Canada COVID travel restrictions extended

The federal COVID-19 restrictions at the border are being extended until at least June 30, Health Canada and the Public Health Agency of Canada announced on Tuesday.

The federal government will continue to require foreign tourists to provide proof of being fully vaccinated.

Unvaccinated Canadian citizens or permanent residents are also still required to show proof of a molecular COVID-19 test taken prior to entering Canada and quarantine for 14 days.

All travellers coming to Canada, regardless of citizenship, must also continue to submit their health information through the ArriveCAN app prior to entry.

The announcement comes a day after a Conservative Party motion calling on the federal government to lift all remaining COVID-19 travel restrictions was the defeated in the House of Commons.

The Canadian Airports Council has blamed massive customs delays across the country on the pandemic measures and insufficient staff, which have led to lineups so long the airports can’t physically contain them in some cases.

Transport Minister Omar Alghabra pointed out that some airports in Europe have also seen similar delays, despite having fewer travel restrictions. He said the federal government is consulting with experts and other jurisdictions on when the measures at the border should be lifted.

“There’s obviously a discussion to strike the right balance, to ensure that we maintain our eye on public health but also the fluidity of our economy,” Alghabra told The Canadian Press on his way into a cabinet meeting Tuesday. “That discussion is ongoing.”

With files from The Canadian Press. 

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Expect Memorial Day ‘flightmares,’ warns travel expert

NASHVILLE, Tenn. (WTVF) — Travel experts warn that the first summer since pandemic restrictions have begun to lift will bring a surge in passenger numbers that could lead to delays, disruptions, postponements or even cancellations of flights.

Many restrictions introduced more than two years ago have been lifted, but with the lingering presence of Covid, airline, airport and hospitality industry workers are facing increased demand for their services in the face of staffing shortages.

Rose Ackermann, Executive Editor at Family Destinations Guide said the increased number of travelers will have an impact on waiting times between check-in counters, security screenings and baggage collection.

“While it is great news that travel has fully opened up and families can finally have proper vacations, the combination of increased demand and staff shortages have the potential to cause significant delays and an overall sub-par travel experience,” Ackermann said.

The cost of tickets has increased as well. According to the Bureau of Transportation Statistics, the average price of a domestic flight in Tennessee is currently $329.30, which is higher than the national average of $327.13.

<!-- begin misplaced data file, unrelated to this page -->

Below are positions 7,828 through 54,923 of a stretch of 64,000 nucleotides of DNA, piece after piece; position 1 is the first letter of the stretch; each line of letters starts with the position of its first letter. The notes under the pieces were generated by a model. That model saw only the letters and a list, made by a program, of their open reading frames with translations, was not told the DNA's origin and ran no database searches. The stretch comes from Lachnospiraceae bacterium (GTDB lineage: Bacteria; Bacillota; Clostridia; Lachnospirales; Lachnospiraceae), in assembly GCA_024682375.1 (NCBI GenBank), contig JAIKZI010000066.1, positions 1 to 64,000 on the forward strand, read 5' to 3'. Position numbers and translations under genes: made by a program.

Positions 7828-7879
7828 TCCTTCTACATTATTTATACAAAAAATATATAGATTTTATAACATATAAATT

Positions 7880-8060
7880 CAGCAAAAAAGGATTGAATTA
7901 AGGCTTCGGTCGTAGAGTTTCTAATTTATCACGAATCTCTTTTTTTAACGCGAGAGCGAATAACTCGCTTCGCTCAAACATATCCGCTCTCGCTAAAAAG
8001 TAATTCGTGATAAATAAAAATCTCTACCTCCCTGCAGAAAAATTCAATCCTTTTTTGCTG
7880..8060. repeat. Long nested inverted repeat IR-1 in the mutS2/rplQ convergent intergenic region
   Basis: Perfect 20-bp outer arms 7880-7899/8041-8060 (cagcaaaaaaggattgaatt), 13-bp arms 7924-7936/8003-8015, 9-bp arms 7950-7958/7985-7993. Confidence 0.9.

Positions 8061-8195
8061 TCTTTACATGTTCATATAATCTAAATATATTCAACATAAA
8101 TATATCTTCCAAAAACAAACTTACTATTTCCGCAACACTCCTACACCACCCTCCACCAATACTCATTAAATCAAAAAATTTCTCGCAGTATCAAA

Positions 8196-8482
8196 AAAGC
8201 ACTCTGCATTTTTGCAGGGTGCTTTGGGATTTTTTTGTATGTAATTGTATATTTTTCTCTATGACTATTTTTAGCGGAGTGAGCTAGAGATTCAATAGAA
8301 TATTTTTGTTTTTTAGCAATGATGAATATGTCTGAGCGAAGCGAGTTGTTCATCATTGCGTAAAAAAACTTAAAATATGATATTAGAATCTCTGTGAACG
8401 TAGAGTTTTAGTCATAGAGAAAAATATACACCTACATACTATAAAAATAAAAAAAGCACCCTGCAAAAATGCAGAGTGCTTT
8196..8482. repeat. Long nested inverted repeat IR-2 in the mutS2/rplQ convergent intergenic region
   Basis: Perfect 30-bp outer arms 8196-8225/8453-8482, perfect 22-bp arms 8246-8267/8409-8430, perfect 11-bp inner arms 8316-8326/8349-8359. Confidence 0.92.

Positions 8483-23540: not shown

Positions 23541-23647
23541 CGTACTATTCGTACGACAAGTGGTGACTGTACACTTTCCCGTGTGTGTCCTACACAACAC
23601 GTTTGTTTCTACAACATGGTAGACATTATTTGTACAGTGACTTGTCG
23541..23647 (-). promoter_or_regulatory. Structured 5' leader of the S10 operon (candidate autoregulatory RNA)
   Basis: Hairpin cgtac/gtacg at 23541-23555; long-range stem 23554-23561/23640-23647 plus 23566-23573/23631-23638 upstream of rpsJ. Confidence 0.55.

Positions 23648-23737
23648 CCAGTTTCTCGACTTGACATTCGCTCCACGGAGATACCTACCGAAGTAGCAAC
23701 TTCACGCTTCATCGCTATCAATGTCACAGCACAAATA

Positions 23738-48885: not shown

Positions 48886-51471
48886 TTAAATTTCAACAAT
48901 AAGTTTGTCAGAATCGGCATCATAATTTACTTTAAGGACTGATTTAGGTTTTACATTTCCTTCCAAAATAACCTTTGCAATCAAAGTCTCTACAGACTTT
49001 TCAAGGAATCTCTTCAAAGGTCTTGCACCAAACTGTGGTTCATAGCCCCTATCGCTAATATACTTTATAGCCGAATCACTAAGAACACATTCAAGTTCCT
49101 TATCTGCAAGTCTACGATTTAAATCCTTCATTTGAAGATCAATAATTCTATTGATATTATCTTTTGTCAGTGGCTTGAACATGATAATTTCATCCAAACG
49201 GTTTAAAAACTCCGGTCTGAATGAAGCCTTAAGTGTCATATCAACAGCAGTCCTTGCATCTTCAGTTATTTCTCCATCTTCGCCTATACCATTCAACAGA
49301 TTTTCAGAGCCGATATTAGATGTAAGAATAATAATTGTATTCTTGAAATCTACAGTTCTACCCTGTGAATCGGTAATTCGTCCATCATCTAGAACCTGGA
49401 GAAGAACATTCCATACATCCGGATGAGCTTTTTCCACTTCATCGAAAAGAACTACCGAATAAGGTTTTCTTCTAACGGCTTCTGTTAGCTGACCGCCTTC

The TSA reports air passenger traffic is also expected to be especially heavy in peak periods, either equal to or greater than in previous years, for the first time since the pandemic began.

According to Family Destinations Guide, here are 4 pieces of advice to consider before traveling this season:

  • Aim for flights that depart early in the day. This way, if your flight is canceled last minute, your chances of getting rebooked on the same day are significantly higher.
  • Anticipate delays and plan accordingly. Remember to leave extra time between stops on your itinerary so that major delays only upset a limited number of your plans.
  • Review your travel insurance policy. Since the travel industry is quite unpredictable in the face of the changing pandemic landscape, this is a more practical consideration than it already might have been.
  • Exercise patience with airport and airline staff. The processes may be slower than the last time you traveled, as the industry is still attempting to recover. Remember that you’re dealing with fellow humans, not robots.

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Prisma Health’s tips for summer first-aid travel kits

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Prisma Health's tips for summer first-aid travel kits

Red Cross

The summer travel season kicks off with Memorial Day weekend, and Prisma Health encourages everyone to create travel first-aid kits before heading out since even small injuries, if left untreated, can derail a vacation.

According to the Centers for Disease Control and Prevention, 44% of Americans do not have first-aid kits even though having a well-stocked and maintained kit is essential in being prepared for accidents. 

“We all like to think that nothing bad is going to happen to us, but injuries can happen anywhere at any time and to anybody,” said Dr. Nathaniel Mann, a Prisma Health emergency medicine physician who is also fellowship-trained in wilderness medicine. “Being adequately prepared by having all vital medical products in one accessible location may reduce the severity of an injury, save your vacation or even help save a life.”

He suggested that people create their own kits instead of buying pre-packaged ones. Augment your kit with items specific to you and your family’s needs.

Mann recommended starting with these essentials:

  • Stop-the-Bleed kit, to include compression dressings or a tourniquet you’ve been trained to use
  • Even if you don’t have severe allergies to bees or wasps, consider carrying an EpiPen. Familiarize yourself with its use ahead of time.  
  • Include something sugary like gluose tablets or even gummy candies to treat episodes of low blood sugar
  • Adhesive bandages of assorted sizes to cover minor cuts and scrapes
  • Sterile gauze pads of various sizes
  • Medical adhesive tape to attach gauze pads to skin around wounds
  • Antiseptic wipes to disinfect wounds
  • Non-latex gloves
  • Pain relievers: ibuprofen (Advil), acetaminophen (Tylenol) and aspirin
  • Antihistamines to relieve allergies or itching
  • Dramamine or an anti-nausea medicine for motion sickness